You can load and use a template from any folder. However, if the template contains macros or customizations (which is usually the reason you wanted it) you will be nagged to death by the Macro Security Warning unless you put the template in the folder indicated by your User Templates location.
Most users gather many customized templates after some years of use. You can add folders to your Templates folder to organize your templates. Some are already there: you can add templates for your various purposes to these. Folders within your Templates folder are also trusted locations.
Within your Templates folder, there is a folder named My Templates. This is where Word saves your customized copies of its standard templates. Whenever you customize a standard Word template, it will offer to save the result here. It's not a bad place to put your other templates.
It is not a good idea to rename any of the standard folders you find in the Templates folder. Yes, I know we said you "can" re-name these folders to any name you like; and many of us do. Most of the time you will get away with it. The rest of the time, you may end up with inexplicable crashes or hangs when various components cannot find their templates.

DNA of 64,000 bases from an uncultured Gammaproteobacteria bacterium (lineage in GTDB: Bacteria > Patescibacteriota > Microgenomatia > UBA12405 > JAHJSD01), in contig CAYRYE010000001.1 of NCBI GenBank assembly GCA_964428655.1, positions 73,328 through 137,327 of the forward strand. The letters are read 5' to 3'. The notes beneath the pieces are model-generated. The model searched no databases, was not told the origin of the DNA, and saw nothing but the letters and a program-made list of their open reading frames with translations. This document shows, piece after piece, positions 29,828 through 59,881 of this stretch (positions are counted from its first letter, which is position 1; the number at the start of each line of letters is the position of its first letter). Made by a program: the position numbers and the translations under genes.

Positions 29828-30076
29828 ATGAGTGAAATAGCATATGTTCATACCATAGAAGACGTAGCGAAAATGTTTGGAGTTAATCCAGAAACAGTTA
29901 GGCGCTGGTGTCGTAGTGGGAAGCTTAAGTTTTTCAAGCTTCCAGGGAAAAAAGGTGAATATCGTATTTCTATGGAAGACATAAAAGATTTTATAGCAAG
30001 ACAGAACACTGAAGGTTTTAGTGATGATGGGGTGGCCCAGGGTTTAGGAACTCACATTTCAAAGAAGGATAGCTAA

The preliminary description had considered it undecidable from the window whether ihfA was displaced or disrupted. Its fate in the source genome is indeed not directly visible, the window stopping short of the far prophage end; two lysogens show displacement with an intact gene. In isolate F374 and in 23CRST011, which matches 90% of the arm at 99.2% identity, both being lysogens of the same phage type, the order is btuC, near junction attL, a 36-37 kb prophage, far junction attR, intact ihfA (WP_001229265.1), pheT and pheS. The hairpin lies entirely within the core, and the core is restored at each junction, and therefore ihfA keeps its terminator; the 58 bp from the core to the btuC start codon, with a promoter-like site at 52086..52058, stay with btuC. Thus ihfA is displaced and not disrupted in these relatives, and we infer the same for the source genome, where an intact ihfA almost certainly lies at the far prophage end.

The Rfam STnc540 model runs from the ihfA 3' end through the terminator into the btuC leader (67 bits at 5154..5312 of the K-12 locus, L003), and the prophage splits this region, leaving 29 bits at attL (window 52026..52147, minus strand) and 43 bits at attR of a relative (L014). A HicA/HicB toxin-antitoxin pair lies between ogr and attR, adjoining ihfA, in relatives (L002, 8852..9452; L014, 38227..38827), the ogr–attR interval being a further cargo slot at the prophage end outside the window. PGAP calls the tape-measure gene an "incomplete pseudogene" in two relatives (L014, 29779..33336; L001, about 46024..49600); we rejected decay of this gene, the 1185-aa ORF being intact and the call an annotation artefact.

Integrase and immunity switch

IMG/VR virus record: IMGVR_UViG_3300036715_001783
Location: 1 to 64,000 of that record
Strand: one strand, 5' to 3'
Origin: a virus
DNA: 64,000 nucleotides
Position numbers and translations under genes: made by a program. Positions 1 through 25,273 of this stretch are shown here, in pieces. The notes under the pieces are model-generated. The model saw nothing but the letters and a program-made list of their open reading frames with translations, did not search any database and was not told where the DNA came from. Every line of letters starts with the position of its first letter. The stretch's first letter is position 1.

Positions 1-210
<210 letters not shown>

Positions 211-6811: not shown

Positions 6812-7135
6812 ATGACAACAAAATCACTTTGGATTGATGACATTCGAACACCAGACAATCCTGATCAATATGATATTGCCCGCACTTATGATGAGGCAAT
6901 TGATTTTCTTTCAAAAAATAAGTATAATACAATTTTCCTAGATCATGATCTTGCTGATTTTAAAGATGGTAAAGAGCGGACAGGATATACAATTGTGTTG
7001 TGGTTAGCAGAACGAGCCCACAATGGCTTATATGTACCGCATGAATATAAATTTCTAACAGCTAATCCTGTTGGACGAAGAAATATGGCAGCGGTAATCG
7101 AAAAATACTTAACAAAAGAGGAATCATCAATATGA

When you look in Project Gallery, each folder in the Templates folder appears as an expandable list. To avoid confusion, note that folders which you create will not appear at all in the Project Gallery unless they already contain a template.
Installing an Add-in
To install a template or add-in permanently, place it in your Startup folder. Any items you place in the Startup folder will load automatically every time Word starts, and will be available globally to all documents open in Word.
To install a template or add-in temporarily, place it anywhere but your Startup folder. The item will then be unloaded when Word quits, and it will not be loaded again unless you load it manually. Do this with large or resource-hungry items you do not use often (in other words: If Word gets too slow, unload some of those add-ins!)
Word v.X does not have adjustable macro security. It is always on and always set to "Medium."